In Fast Food Nations (specifically chapter 3), Eric Schlosser discusses the trends found within localized fast food chains, as well as said chain’s overall growth, and disservice to its own employees. He states, “the employees whom the fast food industry expects to crawl are by far the biggest group of low-wage workers in the United States today,”to which he later adds to, explaining that, “the need to retain any individual worker is greatly reduced by the ease with which he or she can be replaced.” In other words, low waged employees, specifically those found in large fast food chains, are expendable, because there’s so many of them, not only lowering the need to train and maintain said workers, but effective robbing them of their worth.
In Fast Food Nations (chapter 8), Eric Schlosser gives insight on the deeper end of the labor trail, specifically into the slaughterhouse business, to which he says “… I met dozens of workers who’d been injured. Each of their stories was different, yet somehow familiar, linked by common elements — the same struggle to receive proper medicare, the same fear of speaking out…,” and he then adds, “We are Human beings, more than one person told me, but they treat us like animals.” I firmly believe both these articles maintain the idea the idea of morality and overall compassion seems, nonexistent in these industries. In both industries, it is shown very clearly to the reader by Schlosser that exploitation of those who can’t defend themselves is a serious ordeal that shouldn’t be ignored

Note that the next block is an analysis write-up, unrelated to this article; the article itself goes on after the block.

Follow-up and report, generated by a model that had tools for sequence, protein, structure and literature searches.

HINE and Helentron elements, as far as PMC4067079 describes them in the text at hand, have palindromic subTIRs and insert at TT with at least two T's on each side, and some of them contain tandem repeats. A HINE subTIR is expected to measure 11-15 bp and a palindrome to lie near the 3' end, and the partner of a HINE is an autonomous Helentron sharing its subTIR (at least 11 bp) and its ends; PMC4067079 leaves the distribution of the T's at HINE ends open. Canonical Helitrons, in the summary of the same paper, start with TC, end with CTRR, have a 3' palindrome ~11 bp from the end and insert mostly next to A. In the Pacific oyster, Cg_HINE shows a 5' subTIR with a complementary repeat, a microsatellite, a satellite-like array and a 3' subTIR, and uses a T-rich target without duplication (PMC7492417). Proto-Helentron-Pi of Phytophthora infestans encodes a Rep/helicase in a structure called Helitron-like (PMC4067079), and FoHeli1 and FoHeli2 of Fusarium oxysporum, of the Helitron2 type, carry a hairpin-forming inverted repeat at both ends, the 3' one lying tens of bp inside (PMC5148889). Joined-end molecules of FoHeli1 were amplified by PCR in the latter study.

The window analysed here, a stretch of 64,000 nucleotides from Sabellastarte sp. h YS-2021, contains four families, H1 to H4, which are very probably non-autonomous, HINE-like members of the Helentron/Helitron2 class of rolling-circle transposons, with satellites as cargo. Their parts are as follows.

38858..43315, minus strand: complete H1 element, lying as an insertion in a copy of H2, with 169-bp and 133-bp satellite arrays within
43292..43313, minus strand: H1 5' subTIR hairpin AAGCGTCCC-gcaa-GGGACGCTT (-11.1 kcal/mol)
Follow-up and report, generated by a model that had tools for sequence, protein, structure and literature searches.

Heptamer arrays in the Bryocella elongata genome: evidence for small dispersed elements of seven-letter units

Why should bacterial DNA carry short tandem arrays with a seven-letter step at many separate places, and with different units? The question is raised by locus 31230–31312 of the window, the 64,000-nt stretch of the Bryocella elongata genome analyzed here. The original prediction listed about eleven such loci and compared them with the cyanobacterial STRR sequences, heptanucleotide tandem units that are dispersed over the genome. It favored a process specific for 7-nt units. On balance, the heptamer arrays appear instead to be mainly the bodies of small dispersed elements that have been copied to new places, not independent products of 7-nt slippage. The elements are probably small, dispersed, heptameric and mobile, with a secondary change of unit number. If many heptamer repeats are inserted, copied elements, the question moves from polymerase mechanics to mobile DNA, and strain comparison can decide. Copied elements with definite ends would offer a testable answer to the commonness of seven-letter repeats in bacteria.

In Wage Slave, Mac McClelland integrates herself into the world of warehouse labor, and gradually realizes the intensity of demand found in the work field, where the only reward for good work is more work, in other words, another form of exploitation that’s just a little short of abuse. She states “At lunch, the most common question, aside from “Which offensive (penis)-shaped object did you handle the most of today?” is “Why are you here?” like in prison.” In other words, this job is seemingly so awful that even its workers compare it to prison, which is not exactly somewhere you’d be if you had a choice on the matter. She even adds, ““Just look around in here if you wanna see how bad it is out there,” one of the associates at the temp office said to me, unprompted, when I got hired. It’s the first time any has ever tried to comfort me because I got a job, because he knew, and everyone in this industry that’s growing wildfire fast knows, and accepts that its model by design is mean.”
In Food Chains, Director Sanjay Rawal, and several other authors, actors, and mostly, fed up low wage workers try to show the true face of many big businesses, and to (try to) bring an end to exploitation in the work place. One low wage worker states (to paraphrase), “we are not poor, we are screwed”. In layman’s terms, low wage workers, especially those with undocumented statuses, are far worse off than anyone’s current idea of poor, as they’re not only living off scraps (to which one character says something along the lines of “why are we working if we’re still starving?”), they’re actually in a pit dug so deep by (most) big corporations, that it’s impossible to get out without a mutual aid/agreement between all sides; consumers, business owners, workers, etc.